Carrie Simpson is the founder and CEO of Managed Sales Pros. She has over 20 years of cold calling experience and supports a team of 30 lead generators. Her team makes over 40,000 outbound MSP prospecting calls monthly.  

The proactive solicitation of referrals can differentiate successful MSPs from their counterparts. Instead of waiting for a friend or client to walk leads to their door, sales-focused MSPs actively seek out referrals.

So, how do you go from accepting occasional passive referrals to aggressively building a powerful referral network? It’s not difficult, but it requires some work. The first step in the process is turning your focus inward.

Let’s start from the premise that every company has three types of clients:

  • Happy Evangelists are outgoing, and likely well-known in their community. In fact, they are probably the clients who are already actively sending you referrals. They are fans of your services, and they don’t mind telling anyone who will listen.

  • Already Gone clients are vocal about their dissatisfaction. They have already made the decision to leave; they are just finishing out their contract. These are the clients you should have released when things started to turn badly. They’re writing bad reviews and taking up a disproportionate amount of your time.

  • Danger Zone clients make up the other clients on your roster. Very few clients will discuss your performance with you unprompted. That means for every one client that outright tells you they’re unhappy with you, there are dozens that aren’t saying a word.

Your competitors don’t want your Already Gone clients and they can’t have your Happy Evangelists. However, they can get to your Danger Zones.

What does all this have to do with referrals? Everything. You wouldn’t ask an unhappy client to provide you with a referral. You need to know which of your clients are loving you and which of your clients are leaving you. The secret to your success in generating referrals is in effectively managing your relationships with the quiet clients, not in falling all over yourself to please your noisy outliers.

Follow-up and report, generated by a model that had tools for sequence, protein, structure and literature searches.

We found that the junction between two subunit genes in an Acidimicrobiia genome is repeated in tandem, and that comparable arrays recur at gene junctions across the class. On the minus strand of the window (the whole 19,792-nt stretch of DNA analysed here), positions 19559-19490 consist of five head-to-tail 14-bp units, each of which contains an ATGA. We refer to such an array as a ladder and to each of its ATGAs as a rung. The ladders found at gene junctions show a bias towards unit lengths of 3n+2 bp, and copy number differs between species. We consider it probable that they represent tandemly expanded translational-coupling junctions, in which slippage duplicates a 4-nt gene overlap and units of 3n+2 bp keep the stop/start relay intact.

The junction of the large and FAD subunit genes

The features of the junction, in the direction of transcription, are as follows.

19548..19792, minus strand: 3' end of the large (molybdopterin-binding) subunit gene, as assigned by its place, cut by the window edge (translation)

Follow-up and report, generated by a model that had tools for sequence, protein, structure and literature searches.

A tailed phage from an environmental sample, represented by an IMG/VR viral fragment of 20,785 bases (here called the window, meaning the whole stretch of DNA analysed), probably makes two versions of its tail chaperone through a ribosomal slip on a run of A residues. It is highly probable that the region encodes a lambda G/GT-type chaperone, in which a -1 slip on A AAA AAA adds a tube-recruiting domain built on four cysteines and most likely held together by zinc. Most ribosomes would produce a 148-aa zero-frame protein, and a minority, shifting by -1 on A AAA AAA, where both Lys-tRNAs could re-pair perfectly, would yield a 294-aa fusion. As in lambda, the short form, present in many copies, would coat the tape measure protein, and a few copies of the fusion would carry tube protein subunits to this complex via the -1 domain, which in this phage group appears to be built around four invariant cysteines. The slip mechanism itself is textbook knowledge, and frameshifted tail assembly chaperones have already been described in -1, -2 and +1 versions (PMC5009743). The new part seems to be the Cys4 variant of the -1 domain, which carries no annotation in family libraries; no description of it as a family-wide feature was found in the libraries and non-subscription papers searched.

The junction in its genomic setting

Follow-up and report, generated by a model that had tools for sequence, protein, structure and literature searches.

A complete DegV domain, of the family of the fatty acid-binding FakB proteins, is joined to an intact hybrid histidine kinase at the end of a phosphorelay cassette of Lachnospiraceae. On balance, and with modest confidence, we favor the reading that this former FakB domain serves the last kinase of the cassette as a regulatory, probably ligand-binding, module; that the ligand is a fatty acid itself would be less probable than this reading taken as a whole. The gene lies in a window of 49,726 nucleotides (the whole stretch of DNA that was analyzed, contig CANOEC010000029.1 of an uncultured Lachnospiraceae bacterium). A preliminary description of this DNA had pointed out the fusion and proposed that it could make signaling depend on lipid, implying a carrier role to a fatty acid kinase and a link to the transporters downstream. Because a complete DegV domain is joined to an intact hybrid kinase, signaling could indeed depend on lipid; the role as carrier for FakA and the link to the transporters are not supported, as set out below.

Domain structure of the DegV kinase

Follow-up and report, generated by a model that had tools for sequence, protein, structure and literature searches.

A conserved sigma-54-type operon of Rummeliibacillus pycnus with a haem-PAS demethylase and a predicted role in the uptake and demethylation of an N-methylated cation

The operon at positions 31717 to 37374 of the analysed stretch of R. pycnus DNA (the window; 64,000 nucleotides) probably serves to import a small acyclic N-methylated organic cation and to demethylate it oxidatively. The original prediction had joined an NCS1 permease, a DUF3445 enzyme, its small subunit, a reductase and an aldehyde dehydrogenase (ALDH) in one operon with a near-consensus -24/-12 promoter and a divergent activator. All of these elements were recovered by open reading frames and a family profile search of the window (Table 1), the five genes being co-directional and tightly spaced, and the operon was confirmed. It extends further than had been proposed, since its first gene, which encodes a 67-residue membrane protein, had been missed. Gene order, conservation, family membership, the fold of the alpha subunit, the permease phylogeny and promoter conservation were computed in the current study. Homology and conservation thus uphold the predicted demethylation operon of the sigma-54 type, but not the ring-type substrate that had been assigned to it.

Here’s the good news – it’s not hard to turn a Danger Zone client into a Happy Evangelist. Try this:

  • Take your clients through a detailed customer service survey.

  • Ask specific questions to lead them to provide measurable, quantifiable facts about your services. These questions can include “Can you share with me what network changes were most helpful to your business? How much money do you estimate we were able to save you this year? Who on our team do you most enjoy interacting with? Why do you like them? Can you tell me what you have enjoyed most about working with us?  What do you think separates us from your last provider?”  

  • Find out what you need to do better.

The replies should help you identify the clients on your roster who are truly happy and just quiet, and more importantly, the ones who are potentially considering leaving. This process allows you to begin preserving and rebuilding those potential “one foot out the door” relationships (more on that next month) and even better, will help you gently nudge your satisfied but silent clients into that Happy Evangelist role!

Once you’ve gathered all this information, you have some work to do.

  • Create case studies and testimonials from your most positive customer service survey results. Meet with your client, present your findings, and ask them to sign off or edit the content of your new materials as they desire.

  • NOW THE IMPORTANT PART: Ask them for referrals.

You’ve met with your client, established they are happy and know WHY they are happy. You’ve done all the work to create something that fairly represents the facts that they’ve shared with you. They’ve agreed they love working with you, and they’ve agreed to publicly state that. The next step is to ask them if they know anyone who could benefit from your services. If they are responsive, consider asking them for specific introductions to people in their network.

Remember, the easier it is for your clients to refer business to you, the more likely it is that they will. Start on social networking sites like LinkedIn. Make a short list of the people you’d like to do business with that your client is connected to and share that list with your client. Ask them how they would approach each one. Then get started connecting!

Finally, remember that when building your referral network, reciprocity is king. If you start asking for referrals, you need to begin actively engaging with your community and gathering referrals for the people who are sharing them with you. Become known as the person who is invested in the success of everyone they speak to and watch your referral network (and your MRR) grow.

Read Carrie's previous blogs, How MSPs Can Successfully Handle Outbound Prospecting and How MSPs Can Measure Sales Success